Annals of Global Warming: Plants refuse to listen to climate change skeptics


March 20 brought the Spring equinox, but our daffodils have been up for a couple of weeks. Spring comes a little earlier every year.

That fact, and news stories like these below must cause great angst in the bowels of the offices of U.S. Sen. Tom Coburn (R-Okla.) and other places climate change deniers hold sway. One can almost imagine some poor sap of a Coburn minion laboring away long into the night trying to devise legislation that will prevent Canadian thistles, redbuds, marigolds, wheat, soybeans and corn from reading about climate change or going to see Al Gore’s movie, and getting the wrong ideas.

I hope that minion is imaginary.

Here’s story #1: The Tuesday Science Section of the New York Times carried a story by Jim Robbins, “In a Warmer Yellowstone Park, a Shifting Environmental Balance.” Longtime readers probably know of my deep affection and ties to Yellowstone and the Mountain West. So of course this story catches my eye.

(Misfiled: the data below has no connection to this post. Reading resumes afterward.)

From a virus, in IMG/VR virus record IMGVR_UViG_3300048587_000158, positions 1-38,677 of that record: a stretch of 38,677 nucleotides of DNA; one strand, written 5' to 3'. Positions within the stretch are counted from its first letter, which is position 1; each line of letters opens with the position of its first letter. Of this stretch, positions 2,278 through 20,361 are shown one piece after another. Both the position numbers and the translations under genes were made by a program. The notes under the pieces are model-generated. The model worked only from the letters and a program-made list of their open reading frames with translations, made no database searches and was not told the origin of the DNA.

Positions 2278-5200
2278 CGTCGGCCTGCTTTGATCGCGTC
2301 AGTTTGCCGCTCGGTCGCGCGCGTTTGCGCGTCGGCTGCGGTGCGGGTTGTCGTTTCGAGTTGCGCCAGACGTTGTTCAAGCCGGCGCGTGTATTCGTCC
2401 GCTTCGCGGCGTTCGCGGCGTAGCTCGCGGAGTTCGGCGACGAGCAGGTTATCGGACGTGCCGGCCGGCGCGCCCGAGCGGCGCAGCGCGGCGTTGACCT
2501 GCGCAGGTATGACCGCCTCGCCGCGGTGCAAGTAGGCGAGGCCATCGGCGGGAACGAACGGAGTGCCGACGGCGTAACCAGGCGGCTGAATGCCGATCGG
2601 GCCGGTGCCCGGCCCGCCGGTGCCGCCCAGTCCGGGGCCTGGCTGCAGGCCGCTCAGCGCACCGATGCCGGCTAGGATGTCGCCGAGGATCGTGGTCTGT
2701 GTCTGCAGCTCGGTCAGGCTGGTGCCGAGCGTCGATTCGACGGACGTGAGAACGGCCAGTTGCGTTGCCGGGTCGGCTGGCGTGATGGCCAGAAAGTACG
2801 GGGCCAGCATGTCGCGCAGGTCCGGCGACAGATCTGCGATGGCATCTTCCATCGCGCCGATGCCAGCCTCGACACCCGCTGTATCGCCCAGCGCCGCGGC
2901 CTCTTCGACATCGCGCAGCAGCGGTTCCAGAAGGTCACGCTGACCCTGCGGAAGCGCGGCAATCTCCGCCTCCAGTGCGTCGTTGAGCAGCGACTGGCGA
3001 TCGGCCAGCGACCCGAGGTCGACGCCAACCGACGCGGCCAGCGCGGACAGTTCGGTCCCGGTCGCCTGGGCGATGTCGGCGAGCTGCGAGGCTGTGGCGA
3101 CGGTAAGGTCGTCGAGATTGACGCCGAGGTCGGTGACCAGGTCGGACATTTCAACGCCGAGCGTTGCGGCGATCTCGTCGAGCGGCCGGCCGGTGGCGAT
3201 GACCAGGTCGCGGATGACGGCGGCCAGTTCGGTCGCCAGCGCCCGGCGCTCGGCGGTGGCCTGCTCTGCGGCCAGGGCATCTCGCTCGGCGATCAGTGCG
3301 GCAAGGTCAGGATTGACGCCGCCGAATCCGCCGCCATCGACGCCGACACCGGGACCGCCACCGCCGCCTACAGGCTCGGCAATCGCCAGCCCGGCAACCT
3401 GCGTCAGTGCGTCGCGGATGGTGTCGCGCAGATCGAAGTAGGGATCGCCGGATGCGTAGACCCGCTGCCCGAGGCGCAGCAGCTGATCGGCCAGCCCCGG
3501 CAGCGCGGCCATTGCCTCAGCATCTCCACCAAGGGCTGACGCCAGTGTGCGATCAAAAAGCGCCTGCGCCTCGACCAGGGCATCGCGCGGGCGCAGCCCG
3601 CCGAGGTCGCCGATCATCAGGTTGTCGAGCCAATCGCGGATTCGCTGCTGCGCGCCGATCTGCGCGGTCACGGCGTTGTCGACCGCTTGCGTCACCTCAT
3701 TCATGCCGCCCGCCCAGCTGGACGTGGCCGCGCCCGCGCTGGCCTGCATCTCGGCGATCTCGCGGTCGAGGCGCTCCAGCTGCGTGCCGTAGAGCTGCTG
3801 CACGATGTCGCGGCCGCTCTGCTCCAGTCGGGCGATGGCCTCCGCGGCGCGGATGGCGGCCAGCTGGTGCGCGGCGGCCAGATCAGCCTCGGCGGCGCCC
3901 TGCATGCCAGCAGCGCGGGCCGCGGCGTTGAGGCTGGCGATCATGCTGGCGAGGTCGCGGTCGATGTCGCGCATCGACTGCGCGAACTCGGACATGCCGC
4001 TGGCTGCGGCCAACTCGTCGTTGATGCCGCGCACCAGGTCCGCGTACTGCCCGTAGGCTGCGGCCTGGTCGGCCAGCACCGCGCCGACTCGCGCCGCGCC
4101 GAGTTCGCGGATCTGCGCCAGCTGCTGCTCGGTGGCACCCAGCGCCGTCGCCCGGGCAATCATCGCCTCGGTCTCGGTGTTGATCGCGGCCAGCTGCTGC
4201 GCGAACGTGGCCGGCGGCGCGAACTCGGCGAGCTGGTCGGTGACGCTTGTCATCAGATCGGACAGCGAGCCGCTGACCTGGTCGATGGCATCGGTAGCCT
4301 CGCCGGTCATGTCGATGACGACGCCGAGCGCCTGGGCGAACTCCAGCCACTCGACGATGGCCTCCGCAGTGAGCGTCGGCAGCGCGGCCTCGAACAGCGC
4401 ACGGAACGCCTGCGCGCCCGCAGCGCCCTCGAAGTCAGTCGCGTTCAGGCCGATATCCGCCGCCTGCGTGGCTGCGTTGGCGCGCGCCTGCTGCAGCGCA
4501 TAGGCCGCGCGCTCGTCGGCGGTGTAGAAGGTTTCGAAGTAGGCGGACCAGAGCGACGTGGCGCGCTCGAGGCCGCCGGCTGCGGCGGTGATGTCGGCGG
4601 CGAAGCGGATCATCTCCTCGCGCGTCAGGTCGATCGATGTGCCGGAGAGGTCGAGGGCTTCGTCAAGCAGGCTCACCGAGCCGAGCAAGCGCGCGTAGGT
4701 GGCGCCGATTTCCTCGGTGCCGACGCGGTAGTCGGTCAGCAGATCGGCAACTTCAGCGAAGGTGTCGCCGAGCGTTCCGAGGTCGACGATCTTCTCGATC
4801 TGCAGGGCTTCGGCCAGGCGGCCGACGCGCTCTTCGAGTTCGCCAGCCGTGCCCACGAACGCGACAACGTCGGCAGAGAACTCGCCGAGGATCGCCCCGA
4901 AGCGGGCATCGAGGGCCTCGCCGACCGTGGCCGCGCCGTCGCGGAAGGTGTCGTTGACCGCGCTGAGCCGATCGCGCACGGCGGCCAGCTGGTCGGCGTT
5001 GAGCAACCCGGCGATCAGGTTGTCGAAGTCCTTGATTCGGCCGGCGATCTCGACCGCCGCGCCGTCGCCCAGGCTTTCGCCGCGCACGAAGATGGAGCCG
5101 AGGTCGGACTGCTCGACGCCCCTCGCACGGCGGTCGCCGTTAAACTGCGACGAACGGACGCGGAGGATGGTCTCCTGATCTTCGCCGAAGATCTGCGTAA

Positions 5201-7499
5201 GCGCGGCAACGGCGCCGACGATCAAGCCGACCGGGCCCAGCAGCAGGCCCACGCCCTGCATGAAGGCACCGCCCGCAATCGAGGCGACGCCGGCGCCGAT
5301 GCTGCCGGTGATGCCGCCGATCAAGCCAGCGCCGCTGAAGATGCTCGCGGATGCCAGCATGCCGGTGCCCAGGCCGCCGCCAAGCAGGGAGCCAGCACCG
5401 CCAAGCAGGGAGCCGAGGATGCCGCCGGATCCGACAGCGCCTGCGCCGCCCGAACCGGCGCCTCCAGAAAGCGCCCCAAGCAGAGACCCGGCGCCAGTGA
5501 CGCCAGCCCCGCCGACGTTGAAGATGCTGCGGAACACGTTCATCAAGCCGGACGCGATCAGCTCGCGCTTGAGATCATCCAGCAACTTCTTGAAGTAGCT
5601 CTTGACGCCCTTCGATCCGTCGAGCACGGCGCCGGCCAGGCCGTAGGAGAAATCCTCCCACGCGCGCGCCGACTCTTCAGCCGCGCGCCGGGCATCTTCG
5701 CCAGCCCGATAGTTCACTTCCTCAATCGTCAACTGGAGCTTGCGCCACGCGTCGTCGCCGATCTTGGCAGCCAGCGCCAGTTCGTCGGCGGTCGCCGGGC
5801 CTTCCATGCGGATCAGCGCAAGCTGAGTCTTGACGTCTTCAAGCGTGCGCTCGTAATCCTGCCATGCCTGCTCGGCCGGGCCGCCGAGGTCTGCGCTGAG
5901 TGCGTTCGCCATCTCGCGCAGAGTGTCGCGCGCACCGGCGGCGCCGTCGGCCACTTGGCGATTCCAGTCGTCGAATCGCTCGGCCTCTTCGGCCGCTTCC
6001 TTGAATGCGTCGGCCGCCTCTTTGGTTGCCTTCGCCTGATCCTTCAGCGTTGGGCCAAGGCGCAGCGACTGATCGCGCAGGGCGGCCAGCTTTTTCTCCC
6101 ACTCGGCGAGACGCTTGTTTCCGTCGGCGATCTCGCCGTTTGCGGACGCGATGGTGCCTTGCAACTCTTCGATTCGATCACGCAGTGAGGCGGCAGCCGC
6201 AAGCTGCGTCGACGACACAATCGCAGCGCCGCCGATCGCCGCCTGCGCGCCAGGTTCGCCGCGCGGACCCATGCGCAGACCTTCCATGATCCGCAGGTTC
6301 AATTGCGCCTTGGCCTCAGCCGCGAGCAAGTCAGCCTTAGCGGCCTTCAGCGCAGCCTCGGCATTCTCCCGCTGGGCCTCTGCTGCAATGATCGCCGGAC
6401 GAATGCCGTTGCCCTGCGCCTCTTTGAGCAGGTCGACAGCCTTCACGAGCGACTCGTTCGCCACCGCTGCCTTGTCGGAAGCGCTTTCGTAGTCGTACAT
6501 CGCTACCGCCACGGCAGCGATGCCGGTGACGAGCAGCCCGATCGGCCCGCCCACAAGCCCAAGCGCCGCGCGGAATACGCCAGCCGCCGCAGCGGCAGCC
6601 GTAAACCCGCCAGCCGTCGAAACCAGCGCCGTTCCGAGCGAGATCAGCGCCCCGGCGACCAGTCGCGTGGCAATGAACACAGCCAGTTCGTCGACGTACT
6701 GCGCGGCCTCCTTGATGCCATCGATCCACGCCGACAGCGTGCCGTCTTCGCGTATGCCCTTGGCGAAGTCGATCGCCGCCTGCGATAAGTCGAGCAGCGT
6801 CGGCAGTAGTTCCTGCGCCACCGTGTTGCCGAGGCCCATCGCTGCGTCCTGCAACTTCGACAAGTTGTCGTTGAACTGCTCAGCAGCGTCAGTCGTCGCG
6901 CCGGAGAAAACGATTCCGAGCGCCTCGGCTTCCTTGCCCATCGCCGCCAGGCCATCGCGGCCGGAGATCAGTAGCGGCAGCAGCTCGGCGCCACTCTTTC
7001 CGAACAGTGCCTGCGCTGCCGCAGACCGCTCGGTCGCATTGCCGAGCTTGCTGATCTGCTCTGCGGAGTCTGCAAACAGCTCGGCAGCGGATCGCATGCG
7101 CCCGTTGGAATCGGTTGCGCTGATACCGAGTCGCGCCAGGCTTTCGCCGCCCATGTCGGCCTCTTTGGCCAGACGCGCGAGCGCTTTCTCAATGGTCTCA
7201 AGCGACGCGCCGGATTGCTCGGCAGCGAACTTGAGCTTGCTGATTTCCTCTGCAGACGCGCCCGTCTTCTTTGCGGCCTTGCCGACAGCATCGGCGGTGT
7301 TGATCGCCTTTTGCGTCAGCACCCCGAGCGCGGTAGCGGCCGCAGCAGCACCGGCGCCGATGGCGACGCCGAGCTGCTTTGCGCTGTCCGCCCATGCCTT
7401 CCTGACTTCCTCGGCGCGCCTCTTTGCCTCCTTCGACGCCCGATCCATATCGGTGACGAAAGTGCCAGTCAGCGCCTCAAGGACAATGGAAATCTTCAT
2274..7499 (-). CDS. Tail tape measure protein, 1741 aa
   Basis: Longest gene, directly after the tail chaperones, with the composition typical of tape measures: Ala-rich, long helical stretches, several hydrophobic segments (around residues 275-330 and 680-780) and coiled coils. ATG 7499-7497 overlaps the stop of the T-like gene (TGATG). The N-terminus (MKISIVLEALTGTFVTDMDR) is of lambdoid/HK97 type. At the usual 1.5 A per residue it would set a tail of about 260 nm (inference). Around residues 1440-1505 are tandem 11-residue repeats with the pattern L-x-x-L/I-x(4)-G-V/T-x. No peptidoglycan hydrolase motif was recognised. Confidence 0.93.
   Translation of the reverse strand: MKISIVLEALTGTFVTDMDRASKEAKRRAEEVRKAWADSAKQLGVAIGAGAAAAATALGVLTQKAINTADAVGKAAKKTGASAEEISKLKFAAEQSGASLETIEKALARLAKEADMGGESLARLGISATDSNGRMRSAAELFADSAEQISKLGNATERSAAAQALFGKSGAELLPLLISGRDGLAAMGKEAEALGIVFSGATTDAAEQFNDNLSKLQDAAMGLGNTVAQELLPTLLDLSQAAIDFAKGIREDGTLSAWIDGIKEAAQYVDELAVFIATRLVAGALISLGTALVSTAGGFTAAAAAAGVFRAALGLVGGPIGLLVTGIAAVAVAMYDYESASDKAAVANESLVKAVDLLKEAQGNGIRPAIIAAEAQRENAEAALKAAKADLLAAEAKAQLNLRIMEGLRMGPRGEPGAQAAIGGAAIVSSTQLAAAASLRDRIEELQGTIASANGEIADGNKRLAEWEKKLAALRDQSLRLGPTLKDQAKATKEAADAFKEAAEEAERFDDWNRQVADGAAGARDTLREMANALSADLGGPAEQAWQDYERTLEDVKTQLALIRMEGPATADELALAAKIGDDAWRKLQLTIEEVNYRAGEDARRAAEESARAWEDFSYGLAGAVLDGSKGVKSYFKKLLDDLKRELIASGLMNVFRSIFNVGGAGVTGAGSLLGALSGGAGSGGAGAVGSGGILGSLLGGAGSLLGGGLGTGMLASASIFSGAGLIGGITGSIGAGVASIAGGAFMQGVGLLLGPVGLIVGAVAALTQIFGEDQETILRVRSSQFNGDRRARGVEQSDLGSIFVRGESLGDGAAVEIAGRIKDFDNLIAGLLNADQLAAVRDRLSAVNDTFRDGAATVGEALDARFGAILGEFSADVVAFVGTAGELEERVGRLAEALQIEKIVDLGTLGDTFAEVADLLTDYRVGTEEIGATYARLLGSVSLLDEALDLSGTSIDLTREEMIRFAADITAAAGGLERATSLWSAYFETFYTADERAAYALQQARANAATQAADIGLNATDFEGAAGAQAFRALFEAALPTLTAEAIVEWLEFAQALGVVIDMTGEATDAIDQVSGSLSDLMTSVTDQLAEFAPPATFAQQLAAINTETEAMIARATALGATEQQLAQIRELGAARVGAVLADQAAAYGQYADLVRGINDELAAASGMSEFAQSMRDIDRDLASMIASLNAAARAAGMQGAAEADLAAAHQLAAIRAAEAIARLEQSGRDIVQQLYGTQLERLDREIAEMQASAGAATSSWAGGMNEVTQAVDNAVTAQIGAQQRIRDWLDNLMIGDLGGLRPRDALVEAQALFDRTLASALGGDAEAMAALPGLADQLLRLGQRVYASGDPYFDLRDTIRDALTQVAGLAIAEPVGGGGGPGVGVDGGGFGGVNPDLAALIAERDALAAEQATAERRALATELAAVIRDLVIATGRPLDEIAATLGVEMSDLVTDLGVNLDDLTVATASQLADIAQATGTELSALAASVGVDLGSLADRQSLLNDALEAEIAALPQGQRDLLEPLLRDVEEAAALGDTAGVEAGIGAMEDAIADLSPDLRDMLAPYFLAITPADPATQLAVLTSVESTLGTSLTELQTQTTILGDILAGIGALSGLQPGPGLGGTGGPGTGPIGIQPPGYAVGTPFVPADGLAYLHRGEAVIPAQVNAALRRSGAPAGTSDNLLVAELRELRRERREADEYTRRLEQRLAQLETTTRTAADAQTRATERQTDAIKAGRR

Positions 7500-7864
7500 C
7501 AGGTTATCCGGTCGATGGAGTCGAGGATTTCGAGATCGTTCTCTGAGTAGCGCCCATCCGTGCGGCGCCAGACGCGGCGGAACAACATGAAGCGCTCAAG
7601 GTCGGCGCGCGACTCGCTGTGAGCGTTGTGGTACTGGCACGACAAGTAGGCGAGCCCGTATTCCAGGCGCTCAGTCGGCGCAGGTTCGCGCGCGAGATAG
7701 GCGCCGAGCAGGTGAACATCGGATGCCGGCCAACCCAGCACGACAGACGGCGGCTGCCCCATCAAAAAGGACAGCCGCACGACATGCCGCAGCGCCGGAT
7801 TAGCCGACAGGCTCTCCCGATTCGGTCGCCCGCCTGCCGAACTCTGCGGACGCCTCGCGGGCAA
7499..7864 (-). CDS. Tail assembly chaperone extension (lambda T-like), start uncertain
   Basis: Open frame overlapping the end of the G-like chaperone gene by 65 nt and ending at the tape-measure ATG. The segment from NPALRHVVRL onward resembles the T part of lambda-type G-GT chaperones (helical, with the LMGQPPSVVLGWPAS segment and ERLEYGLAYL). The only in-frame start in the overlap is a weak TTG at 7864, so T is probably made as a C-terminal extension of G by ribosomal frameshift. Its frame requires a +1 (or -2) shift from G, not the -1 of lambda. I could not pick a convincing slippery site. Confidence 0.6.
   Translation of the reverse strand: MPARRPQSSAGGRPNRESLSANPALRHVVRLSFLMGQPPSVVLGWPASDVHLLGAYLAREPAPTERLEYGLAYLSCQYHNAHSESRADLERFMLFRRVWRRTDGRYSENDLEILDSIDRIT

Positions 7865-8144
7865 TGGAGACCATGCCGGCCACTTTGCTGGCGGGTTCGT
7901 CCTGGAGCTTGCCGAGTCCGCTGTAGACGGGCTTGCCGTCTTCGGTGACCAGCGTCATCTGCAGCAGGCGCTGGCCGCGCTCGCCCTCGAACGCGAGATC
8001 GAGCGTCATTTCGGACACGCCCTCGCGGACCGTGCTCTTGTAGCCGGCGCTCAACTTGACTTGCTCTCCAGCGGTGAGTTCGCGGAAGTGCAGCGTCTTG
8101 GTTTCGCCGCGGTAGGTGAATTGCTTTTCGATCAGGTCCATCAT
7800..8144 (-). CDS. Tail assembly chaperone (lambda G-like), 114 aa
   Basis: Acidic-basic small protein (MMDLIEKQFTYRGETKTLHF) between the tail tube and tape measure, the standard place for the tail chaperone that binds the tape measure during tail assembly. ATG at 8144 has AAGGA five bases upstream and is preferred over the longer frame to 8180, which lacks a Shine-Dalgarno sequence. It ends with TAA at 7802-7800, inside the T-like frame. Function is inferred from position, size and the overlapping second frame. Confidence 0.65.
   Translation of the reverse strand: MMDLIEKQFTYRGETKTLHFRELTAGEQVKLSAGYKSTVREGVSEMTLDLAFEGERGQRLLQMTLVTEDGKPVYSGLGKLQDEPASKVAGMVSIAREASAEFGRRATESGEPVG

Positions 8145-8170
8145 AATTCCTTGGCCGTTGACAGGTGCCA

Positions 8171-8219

Robbins details an interesting set of changes being studied by Robert L. Crabtree, who is “chief scientist with the Yellowstone Ecological Research Center in Bozeman, Montana”: Invasive Canadian thistle, an exotic weed harries cattlemen throughout the world for the ways it destroys pasture land; despite its name, this thistle is an exotic from Asia, accidentally introduced to the Americas. The Lamar Valley in Yellowstone, formerly a wetland, continues to dry as a result of rising temperatures and lack of usual rainfall (a predicted effect of global climate change). Canadian thistle loves drying wetlands, and has invaded along the Lamar River. Officials fought the invasion for several years, but the fight seems lost.